Posted on April 7, 2014 by Patricia Ann McNair4.7.2014 Journal Prompt Photo by William Eggleston April 7, 2014: She was there every afternoon. Share this:ShareClick to email a link to a friend (Opens in new window)Click to print (Opens in new window)Click to share on Twitter (Opens in new window)Click to share on Facebook (Opens in new window)Like this:Like Loading... Related
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She was there every afternoon. There was something reassuring with that. I drove past several times a week and she’d wave and I’d wave back and that was all. Nevertheless, it felt right. It felt somehow safe in its predictability and it added to the rest of my day. And I wonder if it was not so for all those who drove past and all those who waved.
Her name was Sarah. Don’t ask me how I know that because I couldn’t tell you. Maybe someone else had mentioned her to me, someone closer than I was. In a bar perhaps or across a supermarket car park or passing the time of day at a street corner. Her name was Sarah and she had a story to her life, or people gave her a story. Something about loss and wanting and waiting. I didn’t pay any attention at the time and a part of me was ok with not really knowing.
She was pretty and when she waved she smiled, too. And it sort of lit up the rest of the afternoon and it sort of made up for every small imperfection that had been in my day before then. I waved back and I hope I smiled. I looked for her in my rear view mirror until she was out of sight. And, oddly, I talked to her, talked to her as though she was there in the car with me. ‘Good afternoon, Sarah.’
It’s easy to brave with a person who is only there in your imagination. I put together conversations we would have, long and involved conversations that took me all the way to where I was going. I never put her any place other than in the car I was driving. I touched her hand once and apologized immediately after. It was better not to be so complicated.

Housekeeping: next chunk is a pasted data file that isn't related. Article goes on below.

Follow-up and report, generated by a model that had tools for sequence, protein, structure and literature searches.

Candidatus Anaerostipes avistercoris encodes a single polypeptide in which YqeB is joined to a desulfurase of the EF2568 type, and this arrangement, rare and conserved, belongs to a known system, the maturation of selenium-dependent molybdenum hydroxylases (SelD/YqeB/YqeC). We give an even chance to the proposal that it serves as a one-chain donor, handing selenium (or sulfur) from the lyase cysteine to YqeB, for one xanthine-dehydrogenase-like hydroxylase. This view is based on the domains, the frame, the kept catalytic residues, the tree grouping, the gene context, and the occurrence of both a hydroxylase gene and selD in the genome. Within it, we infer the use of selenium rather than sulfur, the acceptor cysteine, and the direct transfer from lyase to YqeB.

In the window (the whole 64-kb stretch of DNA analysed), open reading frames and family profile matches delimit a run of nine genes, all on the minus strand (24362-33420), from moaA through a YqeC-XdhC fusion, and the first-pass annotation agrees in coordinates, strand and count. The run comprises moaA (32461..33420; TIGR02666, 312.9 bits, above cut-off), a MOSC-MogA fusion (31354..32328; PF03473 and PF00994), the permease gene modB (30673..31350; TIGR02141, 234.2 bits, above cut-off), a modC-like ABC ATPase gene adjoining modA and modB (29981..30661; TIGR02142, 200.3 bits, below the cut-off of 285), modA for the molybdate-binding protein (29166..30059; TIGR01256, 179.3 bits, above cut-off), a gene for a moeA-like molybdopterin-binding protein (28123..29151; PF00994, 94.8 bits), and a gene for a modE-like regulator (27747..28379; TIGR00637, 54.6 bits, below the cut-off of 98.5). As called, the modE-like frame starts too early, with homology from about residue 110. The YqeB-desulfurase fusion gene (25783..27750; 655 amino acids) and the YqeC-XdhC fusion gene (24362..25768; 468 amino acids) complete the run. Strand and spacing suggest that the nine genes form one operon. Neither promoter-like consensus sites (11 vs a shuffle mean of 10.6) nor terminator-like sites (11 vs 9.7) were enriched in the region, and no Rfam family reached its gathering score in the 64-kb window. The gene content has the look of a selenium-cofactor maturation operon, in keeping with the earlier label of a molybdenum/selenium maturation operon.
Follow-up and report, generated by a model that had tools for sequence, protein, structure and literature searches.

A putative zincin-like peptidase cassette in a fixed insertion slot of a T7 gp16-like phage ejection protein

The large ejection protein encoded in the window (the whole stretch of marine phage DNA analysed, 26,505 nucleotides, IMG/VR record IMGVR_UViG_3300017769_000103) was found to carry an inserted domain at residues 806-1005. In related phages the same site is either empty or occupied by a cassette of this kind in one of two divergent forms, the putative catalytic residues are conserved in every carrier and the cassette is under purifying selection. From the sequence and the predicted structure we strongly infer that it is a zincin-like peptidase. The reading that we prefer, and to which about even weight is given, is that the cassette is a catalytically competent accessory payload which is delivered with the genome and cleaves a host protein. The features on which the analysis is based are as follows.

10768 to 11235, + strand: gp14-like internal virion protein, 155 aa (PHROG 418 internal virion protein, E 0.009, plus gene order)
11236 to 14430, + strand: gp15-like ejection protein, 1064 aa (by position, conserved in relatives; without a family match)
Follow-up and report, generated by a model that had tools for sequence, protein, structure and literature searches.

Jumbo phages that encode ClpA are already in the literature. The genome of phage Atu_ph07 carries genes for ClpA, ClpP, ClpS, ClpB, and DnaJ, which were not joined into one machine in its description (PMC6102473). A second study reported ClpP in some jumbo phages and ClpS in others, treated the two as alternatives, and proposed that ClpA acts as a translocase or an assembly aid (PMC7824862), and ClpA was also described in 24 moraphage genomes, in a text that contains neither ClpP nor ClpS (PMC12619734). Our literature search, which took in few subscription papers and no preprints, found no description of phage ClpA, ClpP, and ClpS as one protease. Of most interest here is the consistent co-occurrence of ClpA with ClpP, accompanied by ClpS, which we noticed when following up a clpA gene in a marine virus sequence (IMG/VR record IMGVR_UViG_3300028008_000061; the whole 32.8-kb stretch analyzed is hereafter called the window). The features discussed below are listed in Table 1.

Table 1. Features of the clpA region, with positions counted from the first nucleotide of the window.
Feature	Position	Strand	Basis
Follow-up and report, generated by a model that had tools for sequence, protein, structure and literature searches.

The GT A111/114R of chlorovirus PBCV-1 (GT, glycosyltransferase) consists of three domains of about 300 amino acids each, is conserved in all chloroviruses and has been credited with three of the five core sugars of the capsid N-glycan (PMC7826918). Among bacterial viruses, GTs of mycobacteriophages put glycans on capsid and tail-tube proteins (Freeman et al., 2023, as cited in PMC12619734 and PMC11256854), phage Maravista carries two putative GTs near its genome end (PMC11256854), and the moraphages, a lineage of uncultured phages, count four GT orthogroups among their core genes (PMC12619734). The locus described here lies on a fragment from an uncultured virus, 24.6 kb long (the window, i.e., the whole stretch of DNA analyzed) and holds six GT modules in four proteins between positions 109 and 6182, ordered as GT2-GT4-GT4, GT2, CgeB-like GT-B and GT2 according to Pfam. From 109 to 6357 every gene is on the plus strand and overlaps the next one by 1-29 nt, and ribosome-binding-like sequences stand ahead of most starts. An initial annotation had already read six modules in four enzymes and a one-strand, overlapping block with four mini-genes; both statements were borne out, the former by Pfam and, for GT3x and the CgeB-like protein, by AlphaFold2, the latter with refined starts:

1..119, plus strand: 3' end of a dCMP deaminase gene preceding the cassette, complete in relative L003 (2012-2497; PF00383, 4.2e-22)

She was pretty and I talked to her about Ellen and the troubles we were going through. She listened quite patiently and made small reassuring interjections and she said she was sure it would be alright and she suggested flowers and she suggested things I might say differently if the same trouble was to play over. Her voice was my voice, only it was softer and more measured.
Then one sudden afternoon she wasn’t there and it upset me. I kept looking in the rear view mirror, like before, expecting to see her rushing to the kerb where she usually sat, only she didn’t. I felt let down and I did not speak to her that day. Or the next when she wasn’t there again, or any day that week. Ellen said I was somehow distant and she didn’t understand. She asked me if there was someone else and I told her she was stupid to think so.
I stopped the car once, opposite where Sarah used to sit. And I rolled the window down and I waited. Hours I waited, until the afternoon tipped itself over into evening and the sun was low in the sky and the lights came on in all the houses. An old guy stopped to ask if I was lost, and I said maybe I was. He nodded and he touched my arm and he said her name and he said she was gone now.
I don’t know what he meant about her being gone, except that I never talked to her again and I missed her every time I passed by where she used to sit. And that afternoon, sitting in my car and wondering, I noted how other cars slowed when they passed, as if they too were missing a girl called Sarah who sat at the side of the road waving and smiling at anyone and everyone.